Automakers Step up in the Push for Electrification
There are several driving forces behind the electrification of vehicles, including infotainment, car-to-x communication, advanced driving systems and ultimately fully autonomous vehicles. These are desirable functions envisaged to improve the driving experience and/or increase road safety; but the more immediate drivers towards electrification are the legislative requirements for better fuel economy and reduced emissions.
To meet these targets automakers are heavily investing resources into the development of electric and hybrid vehicles, and with several new technologies, concepts and new models slated to be unveiled in 2016, this month’s column will look at the approaches some of the world’s largest OEM’s are taking towards electrification.
Earlier this month Ford announced that it is to invest $4.5bn into electrified vehicle technology over the next five years. This is a significant step that represents the company’s largest ever investment in electrification in a five-year period, and confirms Ford’s shift towards electrified vehicle solutions as an answer to increasing global trends calling for cleaner, more efficient vehicles.
In 2016 Ford will begin selling a new Focus Electric model, which features a new DC-charging system that is capable of delivering 80% charge and a projected 100-mile range, within 30 minutes – two hours faster than today’s Focus Electric. However, that is just the start of Ford’s new direction, and it was also confirmed that 13 new electrified vehicles will be added to their range by 2020, after which point some 40% of the company’s global nameplates will come in electrified versions.
Ford also hinted that it may be set to unveil a new large plug-in vehicle at January’s Detroit Motor Show – so we will keep our eyes peeled – while confirming that it is to expand electrified vehicle research in Europe and Asia to accelerate work on battery technology around the world.
Audi is also on the road to electrification, and the news this year that the A3 Sportback e-tron, Audi’s first plug-in hybrid car, is available in Europe was quickly followed by confirmation that the vehicle will also be released in the USA as a pre-cursor to the introduction of new electric and hybrid models.
The A3 e-tron is a plug-in hybrid which utilizes a 1.4 litre TFSI gasoline engine and an electric motor, to provide a system output of 150kW or 204hp. The vehicle’s fuel consumption is in line with the NEDC standard for plug-in hybrids at just 1.5 litres of fuel per 100km, with CO2 emissions of just 35g/km.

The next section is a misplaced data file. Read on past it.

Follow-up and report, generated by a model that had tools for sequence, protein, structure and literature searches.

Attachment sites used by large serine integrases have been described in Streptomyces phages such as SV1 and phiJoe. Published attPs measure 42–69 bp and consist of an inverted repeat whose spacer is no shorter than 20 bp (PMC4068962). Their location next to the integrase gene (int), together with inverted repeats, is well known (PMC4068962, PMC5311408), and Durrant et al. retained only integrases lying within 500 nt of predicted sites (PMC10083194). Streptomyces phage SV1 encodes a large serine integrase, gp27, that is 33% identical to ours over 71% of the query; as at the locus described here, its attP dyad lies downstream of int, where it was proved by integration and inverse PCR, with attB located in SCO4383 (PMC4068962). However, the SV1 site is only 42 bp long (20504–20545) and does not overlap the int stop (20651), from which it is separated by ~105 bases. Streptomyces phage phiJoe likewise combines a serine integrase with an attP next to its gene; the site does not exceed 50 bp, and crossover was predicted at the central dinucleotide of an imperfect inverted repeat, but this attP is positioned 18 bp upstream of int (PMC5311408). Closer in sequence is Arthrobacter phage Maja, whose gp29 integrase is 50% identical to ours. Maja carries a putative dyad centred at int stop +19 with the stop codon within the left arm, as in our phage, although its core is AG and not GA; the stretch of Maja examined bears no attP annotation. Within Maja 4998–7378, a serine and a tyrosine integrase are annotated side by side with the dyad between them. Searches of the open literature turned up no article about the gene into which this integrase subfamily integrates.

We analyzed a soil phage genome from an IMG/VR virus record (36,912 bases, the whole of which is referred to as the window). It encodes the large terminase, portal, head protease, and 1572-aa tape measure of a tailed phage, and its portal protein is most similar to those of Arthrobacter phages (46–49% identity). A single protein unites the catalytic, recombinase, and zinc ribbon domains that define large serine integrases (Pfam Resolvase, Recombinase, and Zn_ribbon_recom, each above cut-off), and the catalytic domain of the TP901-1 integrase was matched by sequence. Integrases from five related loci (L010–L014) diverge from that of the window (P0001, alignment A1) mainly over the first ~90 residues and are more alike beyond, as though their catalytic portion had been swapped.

Audi has gone beyond simply introducing the model into both markets either side of the Atlantic, and is pursuing a much more active role in the infrastructure and benefits of buying the car. In Europe some 410 dealerships (105 in Germany) will sell the new model, and Audi has been busy training dealer staff in sales and service related to electric vehicles. It is also offering an ‘e-tron plus’ package, which in Germany includes the charging dock, a cable for public charging points, MMI navigation plus, and Audi connect and phone box. The manufacturer is also offering an installation service in Germany for those that take up the option of a home charger, as well as confirming that in the future all dealers will have a charging point that Audi customers can use at any time – even after they’ve purchased the car.
In the USA Audi is also engaged in training dealer staff, and is set to offer a home charging package and rooftop solar panels as optional extras for customers who buy one of the cars. All of this groundwork is not just to entice customers, but also to lay the foundations and build the infrastructure to ease the rollout of new electrified models in the future. The company is likely to release up to four new models in the next few years – two plug-in hybrids and two electric cars.
News from the other side of the world from Hyundai is that it is due to unveil a world’s first – a selection of three different powertrains for a single body in the shape of the new IONIQ.
The Korean automaker released a teaser image of the new vehicle (above), which will be available with an electric, plug-in hybrid, or hybrid powertrain. The IONIQ is set to be introduced officially in Korea in January 2016, and will also feature at the Geneva and New York Auto Shows in March.
The model is based on an exclusive platform made specifically for the car’s three powertrain options, with the chassis optimized to deliver responsive handling while remaining efficient in each of its powertrain configurations. In its fully-electric form the IONIQ is powered by a high-capacity, ultra-efficient lithium ion battery; in plug-in hybrid form it utilizes fuel-efficient energy with battery power obtained by charging the car with electricity, boosting range while reducing emissions; while the hybrid version uses the petrol engine and the vehicle’s motion to charge the on-board battery.
Hyundai’s commitment to a green-vehicle strategy is underlined by sister company Kia’s five-year plan to increase its green-car line up from four to eleven models. Both are making strides towards competing with Japanese rivals Toyota and Nissan, who have dominated the market with the Prius and Leaf respectively. Hyundai says that the new IONIQ can better those rivals by providing a "unique mix not yet achieved in a hybrid vehicle."